John T. Griffin



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WWII, World War 2, letters, Army, Griesstatt, sightseeing


World War, 1939-1945; United States--Army


Griffin discusses his plans to meet up with "Bob" (Davis) the next day, and the current use of tanks mostly to break German equipment. Griffin writes about his sightseeing in Germany, at Munich and the Brenner pass.


Griesstatt, Germany

June 22, 1945

Dear Mrs. Davis:

I hope that my next letter will be telling of a meeting between Bob and I. I was away last Sunday and when I returned there was a note from Bob that one of his friends had left. Probably he has already told you that a section of his outfit is in Wasserburg which is only 9km from here. He said that they run jeeps between there and Ingolstadt every few days and that if I could get a pass I could catch a ride up with them. I have been trying to get up there to see about it ever since but guard etc. has prevented it. Anyway I will go tomorrow for sure and then if I just can get a pass I’ll be all set. I don’t know if I can get the pass but our Captain is a good fellow and if he can help me he will. It’s the best chance and the only chance I have had so far and I’ll try hard. Sure would be good to see him.

You asked a couple of questions in your last letter that I will try to answer. We still have the tanks but don’t use them much anymore. At first we used them to drag in shot up German equipment but that’s about all done now. For the past few days we have been painting them and trying to get them into some kind of shape. They were pretty run down after more than 6 months of combat when we couldn’t do much to them. It’s a wounder how well they will run when they are left alone. In the states when we were always fooling around with them we couldn’t make even a short trip without having trouble but over here we only had one break down during the while time which is pretty good. We are staying in old hotel in this little town. Its old but pretty nice. It’s a little crowded now that several of our outposts have been cancelled but still plenty good. Some outfits are still out in the field in pup tents so I guess we are pretty lucky. The weather is pretty nice now. It still rains a lot but it isn’t bad when we have shelter like this. The rain is different from that at home. It usually comes soft and easy and never driving like it does at home. It gets pretty hot during the day but its always cool at night. Its hot enough to wish for sun tan uniforms instead of these ODs tho. Yes, we are on a driver—the Inns. It’s the one that goes through Wasserburg and Munich too I think.

After about a dozen delays we have finally started our weekend sight seeing tours. First we went to Munich and saw all the sights there. Saw the famous beer hall, the square where Hitler made his first bid for power in 1923 and all the other things. Its badly bombed out but not so badly as other towns. In the square where Hitlers gang was fired on when they tried to stage a parade in 1923 some Knaut had written in German on a statue, “Dachau (and a couple of other famous concentration camps), I am ashamed to be a German!” On the other side some one had written, “Not the German people, only the Nazi!” Most of them wouldn’t agree tho.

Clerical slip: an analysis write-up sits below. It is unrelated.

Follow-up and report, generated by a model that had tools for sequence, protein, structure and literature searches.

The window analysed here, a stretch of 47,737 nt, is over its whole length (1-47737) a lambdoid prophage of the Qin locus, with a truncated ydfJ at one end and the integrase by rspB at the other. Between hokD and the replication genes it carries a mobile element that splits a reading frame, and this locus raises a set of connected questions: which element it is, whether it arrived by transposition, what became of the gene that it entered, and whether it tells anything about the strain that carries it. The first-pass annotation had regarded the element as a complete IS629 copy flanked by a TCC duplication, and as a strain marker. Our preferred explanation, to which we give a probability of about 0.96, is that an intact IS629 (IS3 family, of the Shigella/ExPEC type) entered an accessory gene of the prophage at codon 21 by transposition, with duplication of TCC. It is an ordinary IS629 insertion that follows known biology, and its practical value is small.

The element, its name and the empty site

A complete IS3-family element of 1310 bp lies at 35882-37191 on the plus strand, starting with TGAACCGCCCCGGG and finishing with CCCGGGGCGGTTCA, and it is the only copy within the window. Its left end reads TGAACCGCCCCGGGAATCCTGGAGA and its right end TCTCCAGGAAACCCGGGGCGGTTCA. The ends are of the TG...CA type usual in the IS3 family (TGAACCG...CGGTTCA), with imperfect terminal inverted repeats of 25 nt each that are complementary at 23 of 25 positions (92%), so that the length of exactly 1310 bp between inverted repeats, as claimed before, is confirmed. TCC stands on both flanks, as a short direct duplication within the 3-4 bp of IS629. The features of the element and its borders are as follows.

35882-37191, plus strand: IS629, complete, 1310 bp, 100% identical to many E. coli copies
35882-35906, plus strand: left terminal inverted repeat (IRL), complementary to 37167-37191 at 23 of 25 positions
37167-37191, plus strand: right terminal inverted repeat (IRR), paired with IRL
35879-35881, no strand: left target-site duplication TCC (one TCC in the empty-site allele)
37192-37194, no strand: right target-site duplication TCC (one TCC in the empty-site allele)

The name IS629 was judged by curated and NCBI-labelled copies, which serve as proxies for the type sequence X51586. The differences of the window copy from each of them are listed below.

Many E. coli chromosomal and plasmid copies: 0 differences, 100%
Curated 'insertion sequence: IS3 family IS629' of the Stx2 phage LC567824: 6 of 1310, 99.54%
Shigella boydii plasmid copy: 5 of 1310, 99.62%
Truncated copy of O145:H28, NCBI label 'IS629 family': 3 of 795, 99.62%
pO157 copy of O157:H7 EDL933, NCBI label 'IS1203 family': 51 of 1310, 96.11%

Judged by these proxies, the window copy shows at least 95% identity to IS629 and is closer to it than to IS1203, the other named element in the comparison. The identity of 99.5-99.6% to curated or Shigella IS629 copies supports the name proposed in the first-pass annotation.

The next weekend we went to Berchtesgaden and saw the ruins of Hitlers home and the ruins of the homes of all his friends. They were completely destroyed by the bombings and looked just like the pictures in Life. Nothing but an empty shell remained of Hitlers place. I was disappointed in the size and design. Anyway it was interesting to stand in the large living room where so many pictures of Hitler and other famous people were made. I wanted to see Hitlers looted art collection but as might be expected it was for Officers only.

Then last weekend I took a trip to Brenner pass and that area. We got to set foot in Italy but that’s all. They wouldn’t let us go down the most narrow part where it was bombed so badly. We stayed in Innsbruck and went up on top of a mountain in cable cars to a ski resort now operated by the 103 Division. Still a little snow up there. The next day we went to place where the winter Olympics were held in 1934 and then to the town where the Passion Play depicting the life of Christ is held every 10 years. I had never heard about it before but probably you have read about it. The guide said that it was last held in 1934. A 7 and a half hour show is held 5 days a week from May to Sept. and in 1934 600, 000 people saw it of which 200,000 were Americans. It was a good trip and the mountain drive was beautiful. Of course it had to rain on all three trips. I’m afraid I’ll have to say home this weekend because they are going to repeat that trip for those who didn’t go last weekend. (over)

Gradually I am seeing a lot of Germany. they let me stay a long time and see more. That’s about all the news.


Pfc. John T. Griffin #18107255

Btsy B 500th AFA Bio

APO 446

c/o Pm New York, N.Y.

Mrs. R.L. Davis

1619 Boston Ave

Muskogee, Okla

Griffin Letter, 1945 June 22


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